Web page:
June 16, 2020
Congratulations to Dr. Jean Hutchinson, who has been elected as a Fellow of the Canadian Academy of Engineering (CAE).
The CAE comprises many of the country’s most accomplished engineers, who have expressed their dedication to the application of science and engineering principles in the interests of the country and its enterprises. Fellows of the Academy are nominated and elected by their peers, in view of their distinguished achievements and career-long service to the engineering profession.
Dr. Hutchinson is very deserving of this honour not only for her national and international work, but also for her reputation on assessing and managing the risks associated with natural hazards.
The citation for the award reads:
“D. Jean Hutchinson, Geological Engineering Professor, Queen’s University, is a nationally and internationally recognized researcher in rock engineering, volunteers with technical societies nationally and internationally, and is a well-respected educator. Recognition includes awards (7) and medals (3) in these areas, including the 2019 Glossop Medal from the Geological Society of London. Dr. Hutchinson and her team pioneered the use of new engineering approaches to support risk based decision making and rock slope stability assessment using remote sensing. Dr. Hutchinson actively promotes women in STEM and is pleased to work in a department where faculty and students are at gender parity.”
Dr. Hutchinson notes, “It is my great pleasure and honour to be elected to the Canadian Academy of Engineering, which engages engineering excellence across many sectors and with diverse perspectives. I look forward to contributing to the CAE’s efforts to promote and lead responsible and transformative engineering contributions to society, considering environmental, societal and economic sustainability.“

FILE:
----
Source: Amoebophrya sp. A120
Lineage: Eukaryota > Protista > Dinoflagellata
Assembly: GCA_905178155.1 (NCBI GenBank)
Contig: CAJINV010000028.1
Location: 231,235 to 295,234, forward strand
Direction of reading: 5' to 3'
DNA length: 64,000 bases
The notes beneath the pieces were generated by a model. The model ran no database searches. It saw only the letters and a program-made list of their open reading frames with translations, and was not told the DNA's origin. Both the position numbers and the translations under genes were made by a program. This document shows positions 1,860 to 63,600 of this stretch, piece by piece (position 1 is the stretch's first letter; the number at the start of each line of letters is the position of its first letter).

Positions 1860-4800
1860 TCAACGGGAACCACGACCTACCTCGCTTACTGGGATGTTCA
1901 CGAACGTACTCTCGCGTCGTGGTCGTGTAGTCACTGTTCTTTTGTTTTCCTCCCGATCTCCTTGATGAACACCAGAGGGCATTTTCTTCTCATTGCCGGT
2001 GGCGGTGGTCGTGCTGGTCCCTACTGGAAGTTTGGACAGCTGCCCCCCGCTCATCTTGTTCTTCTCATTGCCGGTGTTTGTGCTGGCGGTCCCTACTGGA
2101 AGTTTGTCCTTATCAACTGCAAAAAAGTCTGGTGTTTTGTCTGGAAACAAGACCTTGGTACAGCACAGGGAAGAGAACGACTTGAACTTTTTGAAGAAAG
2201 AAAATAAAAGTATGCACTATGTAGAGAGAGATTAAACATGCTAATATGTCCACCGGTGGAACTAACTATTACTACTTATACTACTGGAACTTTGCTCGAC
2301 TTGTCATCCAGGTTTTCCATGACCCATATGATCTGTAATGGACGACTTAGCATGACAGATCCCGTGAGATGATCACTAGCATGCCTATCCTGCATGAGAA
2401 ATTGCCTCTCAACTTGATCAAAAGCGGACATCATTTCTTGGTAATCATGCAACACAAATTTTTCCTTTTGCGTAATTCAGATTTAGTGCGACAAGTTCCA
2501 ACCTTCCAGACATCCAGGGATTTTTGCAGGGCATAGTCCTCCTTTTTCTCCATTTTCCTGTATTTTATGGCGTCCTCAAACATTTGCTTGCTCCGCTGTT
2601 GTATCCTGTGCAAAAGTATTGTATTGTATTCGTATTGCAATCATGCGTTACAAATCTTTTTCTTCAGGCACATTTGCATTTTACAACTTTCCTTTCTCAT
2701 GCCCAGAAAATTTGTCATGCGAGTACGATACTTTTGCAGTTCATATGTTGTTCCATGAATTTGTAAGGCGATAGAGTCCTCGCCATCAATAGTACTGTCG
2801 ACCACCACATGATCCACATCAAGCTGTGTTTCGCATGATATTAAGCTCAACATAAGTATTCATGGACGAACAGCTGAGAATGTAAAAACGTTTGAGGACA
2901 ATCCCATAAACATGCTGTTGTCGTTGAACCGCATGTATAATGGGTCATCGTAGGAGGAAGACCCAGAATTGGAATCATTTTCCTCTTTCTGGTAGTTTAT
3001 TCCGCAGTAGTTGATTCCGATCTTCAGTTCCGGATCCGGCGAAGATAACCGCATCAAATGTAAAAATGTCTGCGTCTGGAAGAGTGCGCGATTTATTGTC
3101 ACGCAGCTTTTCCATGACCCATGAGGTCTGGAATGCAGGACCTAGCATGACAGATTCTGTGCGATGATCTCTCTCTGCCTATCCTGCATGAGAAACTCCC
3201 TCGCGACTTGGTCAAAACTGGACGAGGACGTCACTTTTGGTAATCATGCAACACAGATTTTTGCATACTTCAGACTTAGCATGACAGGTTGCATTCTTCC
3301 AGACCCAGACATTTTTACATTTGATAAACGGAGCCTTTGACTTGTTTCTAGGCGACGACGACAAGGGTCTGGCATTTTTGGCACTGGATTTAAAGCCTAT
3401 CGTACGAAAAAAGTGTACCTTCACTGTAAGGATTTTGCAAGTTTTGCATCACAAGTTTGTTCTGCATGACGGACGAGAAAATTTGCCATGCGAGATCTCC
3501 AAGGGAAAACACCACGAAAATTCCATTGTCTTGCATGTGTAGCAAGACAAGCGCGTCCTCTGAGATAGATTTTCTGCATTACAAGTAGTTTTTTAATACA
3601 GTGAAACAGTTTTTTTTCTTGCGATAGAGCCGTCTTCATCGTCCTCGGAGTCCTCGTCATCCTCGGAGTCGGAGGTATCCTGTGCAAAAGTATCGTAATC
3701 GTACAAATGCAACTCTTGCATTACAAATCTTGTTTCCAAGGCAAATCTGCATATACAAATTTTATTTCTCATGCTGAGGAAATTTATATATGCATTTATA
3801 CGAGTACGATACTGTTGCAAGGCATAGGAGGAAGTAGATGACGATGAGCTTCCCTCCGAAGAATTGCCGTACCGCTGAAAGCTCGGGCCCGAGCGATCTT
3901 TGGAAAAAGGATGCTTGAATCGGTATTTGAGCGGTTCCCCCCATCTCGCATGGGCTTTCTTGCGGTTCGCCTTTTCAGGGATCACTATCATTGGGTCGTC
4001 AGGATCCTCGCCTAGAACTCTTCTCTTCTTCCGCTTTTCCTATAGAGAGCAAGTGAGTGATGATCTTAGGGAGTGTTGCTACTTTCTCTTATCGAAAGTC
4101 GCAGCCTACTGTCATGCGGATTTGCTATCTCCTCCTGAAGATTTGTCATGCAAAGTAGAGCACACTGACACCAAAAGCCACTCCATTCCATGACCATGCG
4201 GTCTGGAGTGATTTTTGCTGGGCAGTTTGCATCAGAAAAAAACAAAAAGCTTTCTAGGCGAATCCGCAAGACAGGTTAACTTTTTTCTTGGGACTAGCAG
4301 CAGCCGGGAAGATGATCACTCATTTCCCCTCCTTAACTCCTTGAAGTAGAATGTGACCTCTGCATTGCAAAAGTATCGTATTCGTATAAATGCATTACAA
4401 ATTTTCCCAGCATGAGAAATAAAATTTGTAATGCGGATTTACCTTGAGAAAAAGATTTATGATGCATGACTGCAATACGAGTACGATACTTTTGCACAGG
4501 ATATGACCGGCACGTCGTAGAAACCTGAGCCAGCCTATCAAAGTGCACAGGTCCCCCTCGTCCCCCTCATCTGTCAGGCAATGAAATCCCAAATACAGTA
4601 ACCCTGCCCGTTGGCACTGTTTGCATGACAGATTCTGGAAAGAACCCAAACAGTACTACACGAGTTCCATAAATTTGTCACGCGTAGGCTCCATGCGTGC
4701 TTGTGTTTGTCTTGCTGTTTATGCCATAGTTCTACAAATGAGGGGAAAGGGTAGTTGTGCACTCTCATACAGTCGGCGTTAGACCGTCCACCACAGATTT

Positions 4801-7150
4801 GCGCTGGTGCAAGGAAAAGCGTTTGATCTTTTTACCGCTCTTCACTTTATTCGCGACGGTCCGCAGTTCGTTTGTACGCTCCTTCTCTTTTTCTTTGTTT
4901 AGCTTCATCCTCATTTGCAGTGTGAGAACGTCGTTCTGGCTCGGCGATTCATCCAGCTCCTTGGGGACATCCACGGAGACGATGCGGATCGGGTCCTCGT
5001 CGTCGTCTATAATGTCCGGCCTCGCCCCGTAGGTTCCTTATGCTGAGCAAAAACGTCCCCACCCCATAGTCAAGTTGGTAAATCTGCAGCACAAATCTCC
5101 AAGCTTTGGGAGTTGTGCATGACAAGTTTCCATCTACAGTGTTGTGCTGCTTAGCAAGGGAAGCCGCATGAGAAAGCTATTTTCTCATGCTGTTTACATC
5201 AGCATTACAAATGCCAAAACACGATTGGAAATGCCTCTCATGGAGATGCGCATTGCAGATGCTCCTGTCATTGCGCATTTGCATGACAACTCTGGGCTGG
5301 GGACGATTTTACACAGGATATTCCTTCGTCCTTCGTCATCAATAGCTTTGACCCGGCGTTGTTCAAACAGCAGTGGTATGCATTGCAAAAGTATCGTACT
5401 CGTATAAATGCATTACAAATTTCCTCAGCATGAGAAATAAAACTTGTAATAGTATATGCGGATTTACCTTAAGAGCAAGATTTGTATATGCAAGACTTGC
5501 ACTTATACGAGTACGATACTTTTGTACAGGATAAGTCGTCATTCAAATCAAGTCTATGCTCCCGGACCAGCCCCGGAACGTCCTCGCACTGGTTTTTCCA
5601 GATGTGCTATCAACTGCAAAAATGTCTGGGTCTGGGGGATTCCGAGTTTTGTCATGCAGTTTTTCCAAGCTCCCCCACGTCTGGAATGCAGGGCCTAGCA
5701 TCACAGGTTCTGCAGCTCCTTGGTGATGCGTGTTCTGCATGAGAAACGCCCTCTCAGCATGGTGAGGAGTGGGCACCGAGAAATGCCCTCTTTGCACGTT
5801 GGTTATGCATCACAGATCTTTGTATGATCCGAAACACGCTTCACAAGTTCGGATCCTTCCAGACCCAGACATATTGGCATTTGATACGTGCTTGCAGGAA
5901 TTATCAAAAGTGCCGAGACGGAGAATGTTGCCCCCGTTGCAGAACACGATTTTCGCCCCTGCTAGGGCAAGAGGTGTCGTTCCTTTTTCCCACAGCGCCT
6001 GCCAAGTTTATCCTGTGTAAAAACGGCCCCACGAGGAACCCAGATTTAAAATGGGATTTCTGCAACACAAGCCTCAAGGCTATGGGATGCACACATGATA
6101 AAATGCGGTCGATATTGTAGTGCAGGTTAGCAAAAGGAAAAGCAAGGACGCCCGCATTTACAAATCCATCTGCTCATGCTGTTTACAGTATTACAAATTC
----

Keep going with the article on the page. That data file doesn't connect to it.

Dr. Hutchinson’s most recent research applies novel tools such as remote sensing data collection on large and remote rock slopes, machine learning to analyse data streams and game engine based numerical simulation to assess and simulate rock slope hazards along rail corridors. A key consideration is the continued attention to developing the geological model central to understanding the data and possible future stability scenarios for these sites.
Dr. Hutchinson teaches a number of undergraduate and graduate courses within the department and for professional, technical societies. As one example, Jean leads the field synthesis course for the Masters of Earth Energy Resources Leadership program where students and faculty travel through the Rocky Mountains, completing a circuit between Calgary and the interior of British Columbia, learning about the complex geological settings, natural resource potential, history and current best and emerging practices for resource management, extraction and sustainability, all while actively engaging in implications for and engagement with stakeholders, including first nations communities.
Further information including the official press release can be found on the CAE website.
Note: This article originally appeared on the Department of Geological Sciences website.